A recommendation that a committee of five be appointed to consider the relation of the General Government to education in the District was added, and the report was adopted.

Mr. CREERY moved that when they adjourn they adjourn to this evening at 7.30 o'clock. Agreed to.

The Chair then announced the following standing committees :

On statistical form: Messrs. Harvey, Ohio; Creery, Baltimore; Philbrick, Boston; Northrop, Connecticut; Atkinson, Virginia.

Resolutions: Messrs. Wickersham, Pennsylvania; Wilson, Washing. ton; Beede, New Hampshire; Byrne, West Virginia ; and Parish, New Haven.

Aid to education : Messrs. Ruffner, Virginia ; Bicknell, Rhode Island ; Hopkins, Indiana; Newell, Maryland; and Jillson, South Carolina.

Centennial: General Eaton, Hons. T. W. Harvey, E. W. Byrne, J. P. Wickersham, D. E. Beede, B. G. Northrop, J. K. Jillson, M. B. Hopkins, M. A. Newell, T. B. Bicknell, and the chief executive school-officer of each State.

On the relation of the National Government to education in the District of Columbia : Messrs. Wickersham, Ruffner, Philbrick, Hopkins, and Harvey.

The department then took a recess until 7.30 o'clock p. m.


The department re-assembled at 7} o'clock, and was called to order by the president, who introduced, as the lecturer of the evening Hon. A. D. White, president of Cornell University.


Mr. CHAIRMAN AND GENTLEMEN OF THE ASSOCIATION: I shall take the liberty, with the consent of leading gentlenren of the association, to modify somewhat the subject of my address. I shall speak upon “ Scientific and industrial education, and the true policy of the National and State Governments in regard to it.”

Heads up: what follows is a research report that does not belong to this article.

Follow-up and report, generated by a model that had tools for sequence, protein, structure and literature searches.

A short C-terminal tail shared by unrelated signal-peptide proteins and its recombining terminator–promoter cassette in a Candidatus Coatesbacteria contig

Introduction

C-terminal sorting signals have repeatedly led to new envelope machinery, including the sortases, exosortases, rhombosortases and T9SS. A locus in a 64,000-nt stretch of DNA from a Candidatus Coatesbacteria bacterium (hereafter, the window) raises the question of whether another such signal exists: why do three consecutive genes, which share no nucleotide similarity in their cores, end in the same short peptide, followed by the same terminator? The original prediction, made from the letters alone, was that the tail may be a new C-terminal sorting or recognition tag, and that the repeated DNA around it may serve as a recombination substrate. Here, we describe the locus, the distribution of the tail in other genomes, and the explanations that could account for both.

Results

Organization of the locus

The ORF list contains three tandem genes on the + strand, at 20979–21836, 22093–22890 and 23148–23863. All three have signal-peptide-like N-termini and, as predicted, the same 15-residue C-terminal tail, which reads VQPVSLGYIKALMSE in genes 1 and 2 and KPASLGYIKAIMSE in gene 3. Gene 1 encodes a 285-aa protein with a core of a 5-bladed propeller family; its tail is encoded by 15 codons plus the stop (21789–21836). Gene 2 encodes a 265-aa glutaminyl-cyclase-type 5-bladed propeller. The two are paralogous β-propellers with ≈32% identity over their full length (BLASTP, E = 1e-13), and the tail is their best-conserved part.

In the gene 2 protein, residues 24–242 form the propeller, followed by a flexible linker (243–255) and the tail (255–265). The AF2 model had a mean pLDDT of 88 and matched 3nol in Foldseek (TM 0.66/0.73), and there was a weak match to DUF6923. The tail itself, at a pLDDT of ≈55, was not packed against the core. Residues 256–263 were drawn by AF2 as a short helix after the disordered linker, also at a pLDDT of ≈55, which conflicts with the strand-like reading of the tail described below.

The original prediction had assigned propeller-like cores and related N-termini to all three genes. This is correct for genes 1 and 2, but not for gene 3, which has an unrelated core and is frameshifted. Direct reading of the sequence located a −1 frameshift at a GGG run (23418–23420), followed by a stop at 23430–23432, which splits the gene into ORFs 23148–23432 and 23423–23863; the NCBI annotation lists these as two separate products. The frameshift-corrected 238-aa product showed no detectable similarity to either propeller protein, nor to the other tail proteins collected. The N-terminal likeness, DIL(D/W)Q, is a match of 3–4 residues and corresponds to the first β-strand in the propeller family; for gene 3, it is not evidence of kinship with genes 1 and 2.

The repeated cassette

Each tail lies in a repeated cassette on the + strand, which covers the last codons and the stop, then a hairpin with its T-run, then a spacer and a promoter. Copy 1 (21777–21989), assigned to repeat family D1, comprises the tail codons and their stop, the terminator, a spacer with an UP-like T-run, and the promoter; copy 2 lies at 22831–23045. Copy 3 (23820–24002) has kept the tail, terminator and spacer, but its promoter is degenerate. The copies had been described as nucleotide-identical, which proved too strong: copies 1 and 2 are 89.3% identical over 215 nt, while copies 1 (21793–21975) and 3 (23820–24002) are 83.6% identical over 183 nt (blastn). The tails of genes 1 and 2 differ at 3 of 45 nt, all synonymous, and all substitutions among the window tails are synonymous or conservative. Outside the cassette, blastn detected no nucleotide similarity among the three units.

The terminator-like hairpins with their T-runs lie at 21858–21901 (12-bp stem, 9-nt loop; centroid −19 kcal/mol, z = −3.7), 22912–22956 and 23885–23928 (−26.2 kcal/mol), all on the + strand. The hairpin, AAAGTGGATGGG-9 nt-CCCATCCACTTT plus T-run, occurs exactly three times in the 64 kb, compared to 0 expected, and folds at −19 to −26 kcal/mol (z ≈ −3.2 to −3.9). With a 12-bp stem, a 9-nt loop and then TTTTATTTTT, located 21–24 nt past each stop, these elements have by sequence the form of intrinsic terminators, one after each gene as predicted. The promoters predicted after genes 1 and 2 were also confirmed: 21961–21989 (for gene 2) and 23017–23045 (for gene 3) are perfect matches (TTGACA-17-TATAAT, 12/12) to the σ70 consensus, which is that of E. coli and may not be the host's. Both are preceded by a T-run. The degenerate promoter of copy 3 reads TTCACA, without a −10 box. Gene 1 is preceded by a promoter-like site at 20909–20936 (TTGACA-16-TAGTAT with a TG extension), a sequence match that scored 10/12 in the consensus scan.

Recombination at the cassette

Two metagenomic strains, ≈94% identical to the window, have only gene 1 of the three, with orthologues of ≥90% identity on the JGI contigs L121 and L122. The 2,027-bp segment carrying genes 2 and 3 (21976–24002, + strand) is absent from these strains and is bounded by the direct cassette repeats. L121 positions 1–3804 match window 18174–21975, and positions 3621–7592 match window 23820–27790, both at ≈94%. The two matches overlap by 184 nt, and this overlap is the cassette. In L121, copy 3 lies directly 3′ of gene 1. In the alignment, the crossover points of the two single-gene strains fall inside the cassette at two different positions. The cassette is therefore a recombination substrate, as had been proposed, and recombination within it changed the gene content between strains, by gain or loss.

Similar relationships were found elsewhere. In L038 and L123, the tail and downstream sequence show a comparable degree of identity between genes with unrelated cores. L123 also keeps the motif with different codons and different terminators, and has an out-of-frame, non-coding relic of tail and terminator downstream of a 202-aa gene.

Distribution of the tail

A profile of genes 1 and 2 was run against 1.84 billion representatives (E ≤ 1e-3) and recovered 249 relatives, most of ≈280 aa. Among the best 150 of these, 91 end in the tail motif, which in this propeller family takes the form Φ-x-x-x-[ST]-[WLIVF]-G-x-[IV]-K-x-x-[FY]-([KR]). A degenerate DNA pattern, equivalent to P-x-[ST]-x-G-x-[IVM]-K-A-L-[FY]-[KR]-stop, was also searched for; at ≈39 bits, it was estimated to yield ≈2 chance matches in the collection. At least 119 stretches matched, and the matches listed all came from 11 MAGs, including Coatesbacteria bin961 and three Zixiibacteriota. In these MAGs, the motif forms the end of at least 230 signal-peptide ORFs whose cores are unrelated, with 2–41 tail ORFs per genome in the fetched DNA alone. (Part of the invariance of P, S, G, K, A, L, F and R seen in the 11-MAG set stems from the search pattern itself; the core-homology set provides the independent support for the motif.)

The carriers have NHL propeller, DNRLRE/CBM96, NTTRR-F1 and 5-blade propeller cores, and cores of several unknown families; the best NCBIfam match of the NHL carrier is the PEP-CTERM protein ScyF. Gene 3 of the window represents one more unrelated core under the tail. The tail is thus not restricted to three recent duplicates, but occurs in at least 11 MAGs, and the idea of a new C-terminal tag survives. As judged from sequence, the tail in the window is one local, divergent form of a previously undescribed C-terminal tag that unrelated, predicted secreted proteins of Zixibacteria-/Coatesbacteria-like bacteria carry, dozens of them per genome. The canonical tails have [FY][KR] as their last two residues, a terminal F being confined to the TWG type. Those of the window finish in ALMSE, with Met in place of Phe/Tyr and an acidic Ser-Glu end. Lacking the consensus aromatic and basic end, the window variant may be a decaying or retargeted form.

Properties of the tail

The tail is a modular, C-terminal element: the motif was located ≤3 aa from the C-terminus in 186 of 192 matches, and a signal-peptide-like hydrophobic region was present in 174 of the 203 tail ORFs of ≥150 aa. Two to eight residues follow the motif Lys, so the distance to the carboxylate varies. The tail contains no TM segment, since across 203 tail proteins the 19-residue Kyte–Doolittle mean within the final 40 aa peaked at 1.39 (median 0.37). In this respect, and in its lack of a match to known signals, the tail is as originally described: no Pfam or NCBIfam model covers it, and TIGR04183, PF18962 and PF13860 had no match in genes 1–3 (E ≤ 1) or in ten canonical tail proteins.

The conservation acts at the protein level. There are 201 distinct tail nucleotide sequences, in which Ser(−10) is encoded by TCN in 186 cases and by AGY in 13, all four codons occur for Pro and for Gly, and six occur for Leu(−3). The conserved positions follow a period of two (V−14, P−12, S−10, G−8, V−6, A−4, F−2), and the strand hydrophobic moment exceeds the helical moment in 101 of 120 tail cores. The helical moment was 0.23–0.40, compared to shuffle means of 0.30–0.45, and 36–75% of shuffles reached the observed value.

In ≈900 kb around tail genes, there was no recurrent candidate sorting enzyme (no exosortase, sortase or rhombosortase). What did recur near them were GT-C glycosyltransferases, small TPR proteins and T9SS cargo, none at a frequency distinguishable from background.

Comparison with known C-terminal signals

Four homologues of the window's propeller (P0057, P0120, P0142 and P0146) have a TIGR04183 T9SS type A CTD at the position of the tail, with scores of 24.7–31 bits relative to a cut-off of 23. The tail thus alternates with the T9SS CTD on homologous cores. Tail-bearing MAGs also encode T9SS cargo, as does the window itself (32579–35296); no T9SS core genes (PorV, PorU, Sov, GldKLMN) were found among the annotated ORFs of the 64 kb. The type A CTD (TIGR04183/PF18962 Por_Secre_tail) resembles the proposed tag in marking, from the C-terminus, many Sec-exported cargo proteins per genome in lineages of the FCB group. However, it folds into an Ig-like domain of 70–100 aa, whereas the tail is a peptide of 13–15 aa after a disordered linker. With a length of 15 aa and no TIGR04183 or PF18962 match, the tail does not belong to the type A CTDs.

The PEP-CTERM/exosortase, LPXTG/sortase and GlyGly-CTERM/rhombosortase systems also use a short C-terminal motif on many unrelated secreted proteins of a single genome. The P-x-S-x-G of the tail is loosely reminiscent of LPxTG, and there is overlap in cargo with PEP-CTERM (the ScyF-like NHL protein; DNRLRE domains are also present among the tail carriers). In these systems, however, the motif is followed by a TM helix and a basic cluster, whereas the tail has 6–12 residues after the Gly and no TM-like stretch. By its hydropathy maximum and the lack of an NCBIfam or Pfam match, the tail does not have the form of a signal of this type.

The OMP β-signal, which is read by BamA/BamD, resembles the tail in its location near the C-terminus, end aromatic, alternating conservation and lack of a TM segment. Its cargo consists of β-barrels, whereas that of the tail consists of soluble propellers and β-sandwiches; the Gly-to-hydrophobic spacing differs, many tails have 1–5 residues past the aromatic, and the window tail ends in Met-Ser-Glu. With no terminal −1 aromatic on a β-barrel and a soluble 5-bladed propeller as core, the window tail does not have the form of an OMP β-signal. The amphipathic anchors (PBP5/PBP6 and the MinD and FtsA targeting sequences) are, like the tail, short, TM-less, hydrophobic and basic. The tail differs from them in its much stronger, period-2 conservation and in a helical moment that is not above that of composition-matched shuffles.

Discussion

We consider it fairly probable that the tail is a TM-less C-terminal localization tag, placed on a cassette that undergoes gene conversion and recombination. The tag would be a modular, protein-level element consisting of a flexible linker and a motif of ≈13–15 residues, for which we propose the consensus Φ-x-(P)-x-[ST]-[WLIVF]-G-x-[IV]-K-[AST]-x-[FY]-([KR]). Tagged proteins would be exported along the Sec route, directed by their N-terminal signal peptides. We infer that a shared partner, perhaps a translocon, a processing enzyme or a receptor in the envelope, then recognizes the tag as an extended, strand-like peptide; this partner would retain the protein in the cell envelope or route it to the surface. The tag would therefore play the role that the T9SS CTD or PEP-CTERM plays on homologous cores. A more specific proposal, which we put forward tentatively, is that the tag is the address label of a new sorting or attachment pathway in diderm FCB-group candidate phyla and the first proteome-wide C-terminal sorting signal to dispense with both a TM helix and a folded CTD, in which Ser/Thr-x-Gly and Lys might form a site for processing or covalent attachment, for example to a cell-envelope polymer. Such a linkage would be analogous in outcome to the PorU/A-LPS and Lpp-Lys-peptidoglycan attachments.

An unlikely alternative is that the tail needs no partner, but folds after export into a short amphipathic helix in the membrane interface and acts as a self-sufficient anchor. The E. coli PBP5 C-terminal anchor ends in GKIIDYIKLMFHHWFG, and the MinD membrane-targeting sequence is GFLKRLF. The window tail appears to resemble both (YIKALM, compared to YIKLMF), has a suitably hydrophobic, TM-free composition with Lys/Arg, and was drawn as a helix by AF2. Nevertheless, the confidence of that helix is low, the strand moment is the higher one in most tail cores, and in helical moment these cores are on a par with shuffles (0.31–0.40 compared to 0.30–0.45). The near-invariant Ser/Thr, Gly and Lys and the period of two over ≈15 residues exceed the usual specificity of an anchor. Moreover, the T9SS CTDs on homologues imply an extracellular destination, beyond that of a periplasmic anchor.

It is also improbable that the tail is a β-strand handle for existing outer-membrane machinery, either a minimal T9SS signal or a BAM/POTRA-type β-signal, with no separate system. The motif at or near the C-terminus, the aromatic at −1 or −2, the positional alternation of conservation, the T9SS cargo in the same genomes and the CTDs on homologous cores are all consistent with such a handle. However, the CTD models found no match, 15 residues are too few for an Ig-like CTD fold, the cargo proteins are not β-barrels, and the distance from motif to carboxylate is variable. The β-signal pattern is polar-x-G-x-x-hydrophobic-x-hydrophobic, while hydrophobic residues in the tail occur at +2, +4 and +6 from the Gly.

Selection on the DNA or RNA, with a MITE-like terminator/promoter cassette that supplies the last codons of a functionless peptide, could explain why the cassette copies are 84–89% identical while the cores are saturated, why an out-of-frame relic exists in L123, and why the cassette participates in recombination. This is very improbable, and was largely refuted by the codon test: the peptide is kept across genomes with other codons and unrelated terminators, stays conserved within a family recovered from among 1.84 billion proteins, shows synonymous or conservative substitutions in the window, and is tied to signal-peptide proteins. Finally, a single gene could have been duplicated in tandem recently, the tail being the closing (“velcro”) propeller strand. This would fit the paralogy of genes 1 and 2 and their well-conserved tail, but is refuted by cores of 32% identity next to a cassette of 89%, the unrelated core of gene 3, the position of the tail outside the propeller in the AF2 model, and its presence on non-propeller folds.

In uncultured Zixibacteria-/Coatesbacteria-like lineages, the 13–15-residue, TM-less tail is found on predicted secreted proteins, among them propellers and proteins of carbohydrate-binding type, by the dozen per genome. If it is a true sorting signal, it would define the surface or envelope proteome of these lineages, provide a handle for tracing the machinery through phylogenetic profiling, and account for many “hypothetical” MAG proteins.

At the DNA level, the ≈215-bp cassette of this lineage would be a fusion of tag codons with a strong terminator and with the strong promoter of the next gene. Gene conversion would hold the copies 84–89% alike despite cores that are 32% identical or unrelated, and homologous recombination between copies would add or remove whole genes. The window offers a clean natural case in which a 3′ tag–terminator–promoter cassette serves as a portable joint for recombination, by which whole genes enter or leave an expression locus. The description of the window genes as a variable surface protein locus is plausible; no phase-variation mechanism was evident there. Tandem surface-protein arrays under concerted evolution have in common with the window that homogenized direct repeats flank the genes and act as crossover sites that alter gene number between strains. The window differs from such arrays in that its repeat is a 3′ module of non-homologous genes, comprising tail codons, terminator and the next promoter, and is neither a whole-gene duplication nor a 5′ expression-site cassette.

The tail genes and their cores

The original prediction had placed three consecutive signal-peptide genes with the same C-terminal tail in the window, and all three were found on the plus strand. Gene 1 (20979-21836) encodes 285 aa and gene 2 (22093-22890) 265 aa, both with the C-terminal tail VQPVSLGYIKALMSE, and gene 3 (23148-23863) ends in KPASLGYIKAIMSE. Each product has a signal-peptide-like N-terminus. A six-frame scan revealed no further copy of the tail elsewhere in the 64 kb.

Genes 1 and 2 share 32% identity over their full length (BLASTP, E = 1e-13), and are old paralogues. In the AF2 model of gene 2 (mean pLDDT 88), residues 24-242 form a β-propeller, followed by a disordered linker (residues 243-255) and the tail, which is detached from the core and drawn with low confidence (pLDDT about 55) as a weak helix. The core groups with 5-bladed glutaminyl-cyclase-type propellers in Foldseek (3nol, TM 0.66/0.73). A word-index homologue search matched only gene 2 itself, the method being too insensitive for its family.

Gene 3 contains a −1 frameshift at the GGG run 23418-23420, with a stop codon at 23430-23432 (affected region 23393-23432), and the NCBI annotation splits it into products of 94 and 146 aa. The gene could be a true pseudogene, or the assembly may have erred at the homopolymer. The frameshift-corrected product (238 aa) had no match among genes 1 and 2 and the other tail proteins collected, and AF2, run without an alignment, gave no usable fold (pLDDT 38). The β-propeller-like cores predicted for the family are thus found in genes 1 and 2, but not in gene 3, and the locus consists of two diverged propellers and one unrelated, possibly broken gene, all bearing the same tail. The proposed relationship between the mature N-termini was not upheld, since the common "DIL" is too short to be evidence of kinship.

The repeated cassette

Within the last thirty years, and mainly within the last twenty years, there has grown up in onr country a great system of scientific and industrial education. It is no mushroom-growth; it is a culmination of the longings, the thoughts, the plans, and the work of many generations.

I might speak of the beginning, made over two bundred years ago in England, by that great industrial genius, the Marquis of Worcester, who, in advance of his time, advocated a system of industrial education which received only scuffs and abuse ; I might speak of the first great success in introducing industrial education in France, a hundred years ago, by De Liancourt, which laid the foundation of French supremacy in so many branches of industry; I might speak of the efforts in Germany and Switzerland to make a beginning in this important system, which has enabled these countries to take a leading part in the industrial warfare of this century ; but I shall come to a period, about twenty-five years ago, when Mr. Lawrence, of Massachusetts, a thoughtful manufacturer, gave the beginning of an endowment for an institution in which applied science should be taught, at Cambridge, in Massachusetts. Not that this was the first effort of the kind. Eaton, at Troy, had done a noble work ; and others had done similar work in various institutions throughout the country, 10 some extent. But still, then and there was the first attempt, in this country, in connection with a great university-corporation, to establish scientific and industrial education.

About five years later, in connection with Yale College, Mr. Sheffield established the Sheffield Scientific School for the same purpose, that of instruction in applied science.


Still, there was one drawback, and that a very serious one. In neither of these insti tutions, noble as they were, was the scientific student considered as the equal of the student in literature, and especially in classical literature. He was educated in a different building, under different professors, was graduated from a different commencementstage, and was not enrolled in the catalogue as of the class of any given year. Ask